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things they never tell you about hammocking

When it's cold and rainy climbing into a hammock is like trying to right a canoe in the ocean. So let's run this by the numbers....  It's current 54F and rainy in Florida. I have my Outdoor Vitals 6 point tarp and OV hammock setup in the backyard.

The tarp just barely covers the hammock. The side cat-cut exposes the ends of the hammock. Lowering the tarp closer to the hammock might create other challenges but this is what we have at the moment.

People talk about dip lines and that might make sense too; but not implemented.

In the meantime a pad is required to provide some insulation from the cool air. I've tried others and I'm still experimenting. Currently a klymit Inertia X. It's torso length but has a few voids that let the chill get thru.

A pillow of some kind is required for the same reason. I have many different kinds but I'm opting for a hydrophobic inflatable. The head generates a lot of heat so a quality pillow and/or beanie might also be a good idea. (not pictured)

I do not believe in the high cost down products. The synthetics are as good and not effected by wetness. I've just tested the Klymit blanket and it's comfy warm. It even has a foot box. My only complaint is that for the weight and fill level if the pad is not wide enough compressing the fill against the sides causes cold spots.

And now for the canoe lesson.

I put the pad, pillow and blanket in position.  Took off my jacket and tried to get in. And in a flash everything was on the wet ground. If this was anything other than my backyard my gear would be muddy. Also when I took off my jacket I needed a place to store it. It ended up under my knees which was ok but any tossing or turning any it might end up in the mud.

And as I was getting comfortable I was flopping gear here and there. And if I had my pack with me then it might be hanging from one end of the hammock catching water. While contractor bags might make good pack liners they blow away. So things get complicated.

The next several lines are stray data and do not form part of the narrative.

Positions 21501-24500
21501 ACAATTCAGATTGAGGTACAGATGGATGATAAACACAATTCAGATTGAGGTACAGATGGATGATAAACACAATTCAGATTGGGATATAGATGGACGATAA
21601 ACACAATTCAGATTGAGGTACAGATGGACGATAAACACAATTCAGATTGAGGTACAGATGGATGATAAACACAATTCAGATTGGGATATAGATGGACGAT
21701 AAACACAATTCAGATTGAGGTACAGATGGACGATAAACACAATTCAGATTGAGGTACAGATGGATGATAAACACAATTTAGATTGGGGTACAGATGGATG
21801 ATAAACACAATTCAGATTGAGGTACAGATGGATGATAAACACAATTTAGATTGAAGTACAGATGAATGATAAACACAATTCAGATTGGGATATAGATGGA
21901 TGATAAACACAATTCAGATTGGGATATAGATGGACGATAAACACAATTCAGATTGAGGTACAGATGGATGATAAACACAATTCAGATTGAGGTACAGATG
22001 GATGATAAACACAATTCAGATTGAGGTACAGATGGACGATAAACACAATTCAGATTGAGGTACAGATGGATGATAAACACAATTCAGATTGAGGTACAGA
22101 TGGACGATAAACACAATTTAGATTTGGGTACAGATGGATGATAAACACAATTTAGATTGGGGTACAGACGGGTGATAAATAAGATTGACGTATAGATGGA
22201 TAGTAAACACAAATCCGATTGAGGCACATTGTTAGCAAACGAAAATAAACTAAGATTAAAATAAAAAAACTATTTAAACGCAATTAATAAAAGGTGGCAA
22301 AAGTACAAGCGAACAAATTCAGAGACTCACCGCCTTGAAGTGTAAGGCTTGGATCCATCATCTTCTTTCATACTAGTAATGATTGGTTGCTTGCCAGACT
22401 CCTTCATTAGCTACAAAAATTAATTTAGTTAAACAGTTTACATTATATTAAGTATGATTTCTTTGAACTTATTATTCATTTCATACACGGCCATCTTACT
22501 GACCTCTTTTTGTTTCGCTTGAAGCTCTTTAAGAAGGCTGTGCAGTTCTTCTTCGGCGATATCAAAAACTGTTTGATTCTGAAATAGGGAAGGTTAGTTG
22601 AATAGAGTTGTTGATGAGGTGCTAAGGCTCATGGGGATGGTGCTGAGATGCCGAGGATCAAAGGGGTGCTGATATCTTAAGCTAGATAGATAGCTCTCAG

In my next test I plan to try a loose ridge line which I can hang a stuff sack or two. One for the ready blanket and pillow. One for my jacket. Alternatively I've ordered a gear sling from Sea To Summit. That will also be a place to store my gear at night.

These technical bits make tent camping feel better but you still need to consider the season and comfort level. Not to mention that the hammock setup works on the ground too.

UPDATE I changed out the Klymit Inertia for a Klymit Static V Junior. And the Klymit Versa blanket for a Snugpak Jungle Blanket XL. The systems offered about the same amount of warmth. I was comfortable for hours in my sleep/shelter. Closer to the end of the experiment the weather turned worse with a lot more rain and the occasional gusts. My backyard setup uses a tree and one hammock stand. so when I get in the hammock the tarp will sag a little. I added shockcord to the guy lines to keep the tension and with some tightening it worked fine. When I decided to call it a day I removed the sleep system only to find a puddle of water in the hammock.

I have no idea how that got there as it was a puddle and not just wet fabric. I cannot say for all hammock fabrics but this OV should let the water drip thru. Also I did not see tell tail signs of a drip line from the head or tail.  What seems clear, however, is that if I had been using the Inertia X then I would have gotten wet through the voids.


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